Six Questions to Ask about Swagelok Variable Area Flowmeters
by Katie Dennis, on Wed, Apr 15, 2015 @ 08:04 AM
Some people call them rotameters, but either way they are simple and effective
The M Series (left) and the G Series (right) are highly accurate measurement devices with individually calibrated scales based on flow tests.
Some readers of this blog may be old enough to remember gasolines pumps that had a small glass dome with balls inside .As the gasoline flowed through the pump, it would make the balls spin, giving the customer a visual confirmation that the pump was delivering the goods.
We have a sophisticated tool that works on a similar principal. Some people call them variable area flowmeters. Other people call them rotameters. Either way, it’s a simple device to visually check the flow of fluid through a system.
We start with a slightly flared, vertical tube. Inside is a buoyant ball. Fluid enters the bottom of the tube and flows out through the top. Along the way it pushes the ball upward. Gravity pushes the ball downward. Because the tube is tapered, the higher the ball rises, the more space there is between the ball and the tube wall. The wider gap lets more fluid flow around the ball. When the upward and downward forces are balanced, the ball stays in one place. A scale next to the glass tube indicates the rate of flow at that position.
Because the system fluid is doing all the work, the variable area flowmeter doesn't need any external power. And because it doesn't significantly restrict flow, it causes minimal pressure drop.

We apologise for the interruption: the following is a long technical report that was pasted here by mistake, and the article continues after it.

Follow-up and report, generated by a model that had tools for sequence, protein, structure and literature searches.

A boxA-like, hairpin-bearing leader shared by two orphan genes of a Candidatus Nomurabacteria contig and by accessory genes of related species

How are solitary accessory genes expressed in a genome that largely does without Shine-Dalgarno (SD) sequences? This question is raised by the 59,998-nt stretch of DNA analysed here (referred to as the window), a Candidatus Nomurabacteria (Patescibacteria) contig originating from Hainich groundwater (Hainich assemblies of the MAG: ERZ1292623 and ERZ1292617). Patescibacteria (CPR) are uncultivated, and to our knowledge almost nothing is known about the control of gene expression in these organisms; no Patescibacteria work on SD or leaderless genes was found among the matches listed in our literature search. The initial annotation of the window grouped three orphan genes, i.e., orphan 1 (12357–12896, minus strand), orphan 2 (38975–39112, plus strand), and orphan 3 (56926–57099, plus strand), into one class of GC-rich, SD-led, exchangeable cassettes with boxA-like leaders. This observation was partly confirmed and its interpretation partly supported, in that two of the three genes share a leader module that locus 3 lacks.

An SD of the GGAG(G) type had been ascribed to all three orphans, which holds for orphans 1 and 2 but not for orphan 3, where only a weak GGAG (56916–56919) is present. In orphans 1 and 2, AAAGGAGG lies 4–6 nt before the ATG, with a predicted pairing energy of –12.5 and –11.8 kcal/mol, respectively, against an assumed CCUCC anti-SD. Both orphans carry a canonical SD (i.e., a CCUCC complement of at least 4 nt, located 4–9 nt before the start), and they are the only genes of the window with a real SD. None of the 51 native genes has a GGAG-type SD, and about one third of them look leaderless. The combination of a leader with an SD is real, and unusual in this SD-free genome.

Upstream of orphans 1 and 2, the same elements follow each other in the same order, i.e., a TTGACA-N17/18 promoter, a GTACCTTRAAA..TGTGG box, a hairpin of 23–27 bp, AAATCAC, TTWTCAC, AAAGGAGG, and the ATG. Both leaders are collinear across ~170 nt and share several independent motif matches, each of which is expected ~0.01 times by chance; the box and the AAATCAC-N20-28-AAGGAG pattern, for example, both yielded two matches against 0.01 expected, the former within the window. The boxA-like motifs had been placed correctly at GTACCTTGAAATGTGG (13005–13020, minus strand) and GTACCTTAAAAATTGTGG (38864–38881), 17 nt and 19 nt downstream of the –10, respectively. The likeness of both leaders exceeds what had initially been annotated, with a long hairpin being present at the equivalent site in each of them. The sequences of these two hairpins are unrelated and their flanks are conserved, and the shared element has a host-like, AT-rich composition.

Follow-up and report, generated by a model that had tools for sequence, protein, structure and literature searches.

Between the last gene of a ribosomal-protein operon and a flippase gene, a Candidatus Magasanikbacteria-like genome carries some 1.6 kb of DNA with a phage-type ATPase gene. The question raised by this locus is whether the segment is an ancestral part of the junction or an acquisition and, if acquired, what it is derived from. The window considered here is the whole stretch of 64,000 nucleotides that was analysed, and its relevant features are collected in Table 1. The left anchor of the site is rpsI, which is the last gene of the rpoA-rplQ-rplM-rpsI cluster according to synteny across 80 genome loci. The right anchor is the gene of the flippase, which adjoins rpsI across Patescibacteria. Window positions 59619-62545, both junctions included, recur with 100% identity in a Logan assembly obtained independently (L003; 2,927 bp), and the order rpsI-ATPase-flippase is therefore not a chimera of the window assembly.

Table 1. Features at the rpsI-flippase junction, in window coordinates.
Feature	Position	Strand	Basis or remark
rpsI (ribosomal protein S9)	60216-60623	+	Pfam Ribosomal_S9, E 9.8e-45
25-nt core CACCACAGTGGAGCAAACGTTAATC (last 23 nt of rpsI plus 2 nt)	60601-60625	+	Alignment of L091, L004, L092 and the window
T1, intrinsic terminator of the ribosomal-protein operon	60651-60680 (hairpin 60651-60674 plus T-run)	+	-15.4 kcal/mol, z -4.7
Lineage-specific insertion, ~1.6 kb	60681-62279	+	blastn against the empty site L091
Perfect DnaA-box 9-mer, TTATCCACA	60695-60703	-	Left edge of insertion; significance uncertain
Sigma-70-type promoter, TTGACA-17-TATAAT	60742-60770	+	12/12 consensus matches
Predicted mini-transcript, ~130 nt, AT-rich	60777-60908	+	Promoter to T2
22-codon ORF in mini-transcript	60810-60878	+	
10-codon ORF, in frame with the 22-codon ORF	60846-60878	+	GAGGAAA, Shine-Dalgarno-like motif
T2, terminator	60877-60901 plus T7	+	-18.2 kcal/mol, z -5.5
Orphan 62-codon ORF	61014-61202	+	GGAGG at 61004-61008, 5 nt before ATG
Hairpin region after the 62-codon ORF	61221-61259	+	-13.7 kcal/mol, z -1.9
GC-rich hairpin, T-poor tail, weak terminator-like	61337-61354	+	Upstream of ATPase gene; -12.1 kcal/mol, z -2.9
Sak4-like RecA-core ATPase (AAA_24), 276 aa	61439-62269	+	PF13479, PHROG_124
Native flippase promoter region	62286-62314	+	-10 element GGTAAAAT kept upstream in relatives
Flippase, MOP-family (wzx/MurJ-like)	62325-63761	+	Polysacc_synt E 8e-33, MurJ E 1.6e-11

Our rotameters are made by Krohne, a German company known for their high quality. They make several models:
- The G Series features the basic glass tube, good for lower-pressure applications. In general, the longer the tube, the more accurate the reading, because the scale is spread over a longer length.
- The M1 Series uses a metal tube and a magnetized float that moves an external needle.
- The M2 Series is similar, but comes with a digital readout option.
- The M3 Series has bigger metal tubes, and can handle higher flow rates.
Here are the six questions to answer when you want to order a rotameter. Hand the answers to your Edmonton Valve & Fitting representative, and it will be easy to supply what you need.
- What is the fluid you will be measuring? Every variable area flowmeter is specifically calibrated to a particular fluid. Some are calibrated for air and water, but most are custom-calibrated.
- What is the fluid density?
- What is the fluid viscosity?
- What is the typical operating pressure? Changing pressure can make a fluid more dense, which means you've changed the viscosity. Process conditions must stay stable for a rotameter to work.
- What is the typical operating temperature? A change in temperature likewise can change viscosity. Again, stable process conditions are essential.
- What measurement range do you want? All of our variable area flowmeters have a range of 10 to 1. That is, the maximum measured pressure can't be any more than 10 times the minimum measured pressure.
Now that you know how a variable area flowmeter works and the six questions to answer, you are ready to call Edmonton Valve & Fitting and get the model you need. /ask
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